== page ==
Minnesota Department of Transportation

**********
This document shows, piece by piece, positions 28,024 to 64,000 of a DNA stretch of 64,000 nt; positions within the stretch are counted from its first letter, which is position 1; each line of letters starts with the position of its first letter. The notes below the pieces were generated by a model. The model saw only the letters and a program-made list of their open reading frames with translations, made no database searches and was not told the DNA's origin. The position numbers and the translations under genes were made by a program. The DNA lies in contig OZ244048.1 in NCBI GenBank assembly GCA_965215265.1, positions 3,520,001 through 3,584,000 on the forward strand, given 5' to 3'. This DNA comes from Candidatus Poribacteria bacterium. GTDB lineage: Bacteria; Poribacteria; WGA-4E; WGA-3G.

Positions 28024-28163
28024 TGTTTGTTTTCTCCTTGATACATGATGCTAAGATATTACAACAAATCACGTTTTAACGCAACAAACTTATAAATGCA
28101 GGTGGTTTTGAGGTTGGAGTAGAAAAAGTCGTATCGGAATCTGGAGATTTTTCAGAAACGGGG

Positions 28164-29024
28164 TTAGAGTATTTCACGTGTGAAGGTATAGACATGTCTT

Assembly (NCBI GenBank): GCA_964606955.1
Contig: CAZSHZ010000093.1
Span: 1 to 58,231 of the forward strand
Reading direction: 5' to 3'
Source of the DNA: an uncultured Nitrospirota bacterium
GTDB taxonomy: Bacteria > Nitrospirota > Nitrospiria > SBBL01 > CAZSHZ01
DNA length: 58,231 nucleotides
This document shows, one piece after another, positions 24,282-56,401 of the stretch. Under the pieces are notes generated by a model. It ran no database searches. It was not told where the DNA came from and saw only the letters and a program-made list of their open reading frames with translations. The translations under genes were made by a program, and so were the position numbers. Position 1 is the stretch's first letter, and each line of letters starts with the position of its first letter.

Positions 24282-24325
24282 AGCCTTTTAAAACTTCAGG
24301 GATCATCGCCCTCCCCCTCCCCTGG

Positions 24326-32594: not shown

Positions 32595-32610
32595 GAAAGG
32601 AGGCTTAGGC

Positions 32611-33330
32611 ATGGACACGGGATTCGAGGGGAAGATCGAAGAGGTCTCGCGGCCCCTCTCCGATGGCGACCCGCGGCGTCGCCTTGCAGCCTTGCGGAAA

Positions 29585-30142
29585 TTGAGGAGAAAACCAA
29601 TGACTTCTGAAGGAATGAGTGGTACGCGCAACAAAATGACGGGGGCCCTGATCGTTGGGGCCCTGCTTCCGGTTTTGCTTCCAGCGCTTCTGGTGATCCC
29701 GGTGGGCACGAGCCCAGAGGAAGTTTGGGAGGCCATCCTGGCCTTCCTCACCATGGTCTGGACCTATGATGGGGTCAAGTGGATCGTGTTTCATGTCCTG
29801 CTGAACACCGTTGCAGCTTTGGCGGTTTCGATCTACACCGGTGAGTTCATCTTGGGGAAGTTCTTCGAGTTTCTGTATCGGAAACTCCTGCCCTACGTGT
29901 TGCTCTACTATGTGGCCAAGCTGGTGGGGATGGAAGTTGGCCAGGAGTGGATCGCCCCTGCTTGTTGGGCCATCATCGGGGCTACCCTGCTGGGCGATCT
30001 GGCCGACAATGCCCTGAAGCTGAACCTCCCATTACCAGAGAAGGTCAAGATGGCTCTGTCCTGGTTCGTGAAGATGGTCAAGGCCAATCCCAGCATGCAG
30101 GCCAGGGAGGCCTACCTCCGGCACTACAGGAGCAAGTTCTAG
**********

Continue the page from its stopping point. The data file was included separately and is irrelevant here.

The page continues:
Study goals included: 1) identify mechanisms causing premature failure in Minnesota concrete pavements; 2) evaluate the accuracy of existing tests of aggregate freeze-thaw durability using Minnesota aggregate sources and pavement performance records; 3) develop a new methodology for quickly and reliably assessing aggregate freeze-thaw durability; and 4) evaluate techniques for mitigating D-cracking. Research results indicate that the poor durability performance of some Minnesota PCC pavement sections can often be attributed to aggregate freeze-thaw damage. However, secondary mineralization, embedded shale deposits, poor mix design and alkali-aggregate reactions were also identified as problems. Petrographic examination can help to differentiate between these failure mechanisms. A reliable and universal method for quickly identifying D-cracking aggregate particles was not identified. A test protocol was developed for improved aggregate durability evaluation. It includes several tests which are selected for use based on aggregate geological origin and composition and the results of previous tests. Further validation of the proposed test protocol is recommended. Several techniques appear to be effective in improving the freeze-thaw durability of concrete prepared using marginally durable aggregate: mix design modifications, reductions in aggregate top size, and the blending of durable and nondurable aggregates. Some chemical treatments showed promise, but may not be economical.
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